Laurie Anderson has a long history of mixing science and art. The experimental artist has invented instruments like a tape bow violin, done a residency at NASA and, for the last year, she's held the first distinguished artist in residence post at EMPAC, where she says science and technology have allowed her to do things she never could have done before.
EMPAC may be a bit of a puzzle to folks outside the media arts world, but inside that world, Anderson says, it's gaining quite a reputation.
"You can't explain it to someone," she says," because there's nothing else like it in the world."
"The key to EMPAC" says Anderson, is the word experiment. "People are mostly used to scientific experiments."
Anderson says she's gone into EMPAC with ideas that have changed tremendously because of the space and capabilities at the facility. "I'm a person who experiments," she says. I don't do the story board and shoot the movie. I wanted to do almost a comic strip, projected onto the floor really big -- so it would have almost a terrain. But that wasn't what I started to do," she explains. "I started out wanting to experiment with projecting onto three dimensional objects."
Working in the space opened her up to other possibilities. "I like to experiment with pictures and sounds and see what works. Once I started making a kind of a weird Japanese silent film thing -- and it turned into a sidewalk of light. You follow your instinct."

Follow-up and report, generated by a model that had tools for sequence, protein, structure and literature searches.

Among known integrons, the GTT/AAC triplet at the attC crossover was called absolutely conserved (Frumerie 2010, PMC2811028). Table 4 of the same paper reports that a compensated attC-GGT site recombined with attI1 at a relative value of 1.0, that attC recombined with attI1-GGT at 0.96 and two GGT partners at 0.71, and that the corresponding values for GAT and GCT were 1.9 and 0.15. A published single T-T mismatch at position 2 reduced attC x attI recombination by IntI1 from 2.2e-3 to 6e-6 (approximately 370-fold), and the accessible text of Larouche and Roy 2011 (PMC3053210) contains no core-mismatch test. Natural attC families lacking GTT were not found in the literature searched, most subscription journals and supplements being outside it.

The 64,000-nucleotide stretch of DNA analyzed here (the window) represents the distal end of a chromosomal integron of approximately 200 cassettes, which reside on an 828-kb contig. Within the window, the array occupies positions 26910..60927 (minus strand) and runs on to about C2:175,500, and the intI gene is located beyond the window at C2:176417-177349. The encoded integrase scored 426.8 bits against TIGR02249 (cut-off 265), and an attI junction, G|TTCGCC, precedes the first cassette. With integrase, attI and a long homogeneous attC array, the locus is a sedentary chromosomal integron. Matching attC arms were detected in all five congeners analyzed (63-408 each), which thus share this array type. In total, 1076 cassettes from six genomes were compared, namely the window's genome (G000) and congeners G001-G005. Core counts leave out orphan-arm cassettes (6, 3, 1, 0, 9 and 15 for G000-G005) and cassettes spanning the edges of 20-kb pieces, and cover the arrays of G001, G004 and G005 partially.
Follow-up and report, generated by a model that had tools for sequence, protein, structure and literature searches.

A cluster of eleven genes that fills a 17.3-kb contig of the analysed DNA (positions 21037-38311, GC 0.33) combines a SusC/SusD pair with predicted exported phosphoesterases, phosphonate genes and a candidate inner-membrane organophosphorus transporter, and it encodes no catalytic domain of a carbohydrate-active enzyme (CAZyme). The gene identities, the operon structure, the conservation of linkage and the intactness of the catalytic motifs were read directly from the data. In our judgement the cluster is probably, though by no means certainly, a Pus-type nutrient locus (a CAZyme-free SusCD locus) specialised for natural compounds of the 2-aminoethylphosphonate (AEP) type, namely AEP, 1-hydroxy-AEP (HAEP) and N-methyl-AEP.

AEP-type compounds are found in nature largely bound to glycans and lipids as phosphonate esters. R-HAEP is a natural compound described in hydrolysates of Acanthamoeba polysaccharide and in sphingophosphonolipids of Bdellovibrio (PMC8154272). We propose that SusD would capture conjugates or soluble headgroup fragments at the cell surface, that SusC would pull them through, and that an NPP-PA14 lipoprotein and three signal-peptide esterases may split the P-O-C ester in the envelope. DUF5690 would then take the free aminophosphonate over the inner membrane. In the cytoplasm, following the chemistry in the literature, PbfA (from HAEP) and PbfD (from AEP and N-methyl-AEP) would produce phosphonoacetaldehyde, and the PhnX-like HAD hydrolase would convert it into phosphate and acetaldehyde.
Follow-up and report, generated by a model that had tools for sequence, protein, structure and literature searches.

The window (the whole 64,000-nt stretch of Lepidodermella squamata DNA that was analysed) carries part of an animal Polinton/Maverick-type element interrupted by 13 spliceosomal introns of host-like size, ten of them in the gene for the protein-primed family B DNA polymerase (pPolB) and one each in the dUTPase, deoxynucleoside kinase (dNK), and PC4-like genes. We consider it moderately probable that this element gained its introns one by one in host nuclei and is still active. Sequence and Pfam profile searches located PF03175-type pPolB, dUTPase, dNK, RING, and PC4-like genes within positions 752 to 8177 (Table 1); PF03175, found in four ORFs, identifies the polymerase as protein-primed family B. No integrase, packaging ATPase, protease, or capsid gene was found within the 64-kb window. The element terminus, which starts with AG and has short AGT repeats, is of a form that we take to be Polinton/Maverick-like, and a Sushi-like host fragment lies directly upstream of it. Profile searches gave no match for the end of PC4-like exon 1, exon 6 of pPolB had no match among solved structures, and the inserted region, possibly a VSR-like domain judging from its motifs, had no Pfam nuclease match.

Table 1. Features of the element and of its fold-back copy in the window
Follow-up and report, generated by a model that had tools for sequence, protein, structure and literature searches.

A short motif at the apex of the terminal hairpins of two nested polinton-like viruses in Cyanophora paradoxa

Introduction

This isn't Anderson's first go-around working in a space where science and technology are paramount. During her residency at NASA she noticed that scientists and artists have a great deal in common. "[Scientists] don't know what they are setting out to make either. We're not making shoes. We can't predict what the fall line is going to be," she says. "It's not about cranking out ballets and symphony orchestras, but it's about creating and there's improvisation."
Like artists, Anderson believes, scientists also wrestle with the question of how to know when a project is finished. " In order to answer that question she says "you have to kind o fknow what you're making."
One of the things EMPAC has helped Anderson do is to work to scale -- a big advantage for someone who does such large scale installations. "It's been amazing for me. I have a nice big studio in New York, but it's not a giant soundstage or a theater."
When an Italian director asked her to do a project for a theater in Italy, she was able to project that theater to scale at EMPAC to work out the piece. "That's very different than looking at models or trying to imagine what it might be like," she says.
Other projects in her residency at RPI include working with musicians at RPI and Stanford to create a trans-continental music piece; Delusion, a series of stories with projections onto all sorts of surfaces that she describes as "a visual concert with music and a lot of screens talking to each other"; and compositions for the Kronos Quartet.
That last piece, she originally thought, would be too big and overwhelming. "When I put it together on the computer it seemed too big, but I had a chance to put it together to scale in one of EMPAC's theaters and I thought 'It really works.' This is a huge huge thing for artists not to have to scale it up ... and it came out completely different. I was going to take all this stuff out but when I listen to the music in the space its just enough."
Still, after all the work she's done at EMPAC in the first year of her residency and projects before that, she has trouble defining the building. "It doesn't have precedence. They are constantly reinventing themselves," she says.
The best way for people -- artists or not -- to understand EMPAC, according to Laurie Anderson, "Go and make up your own mind and keep track of it as it grows."
On Thursday Anderson will be at EMPAC showing some of her video and talking about how images relate to film.
Laurie Anderson photo courtesy of the artist
performance photo: Tim Knox
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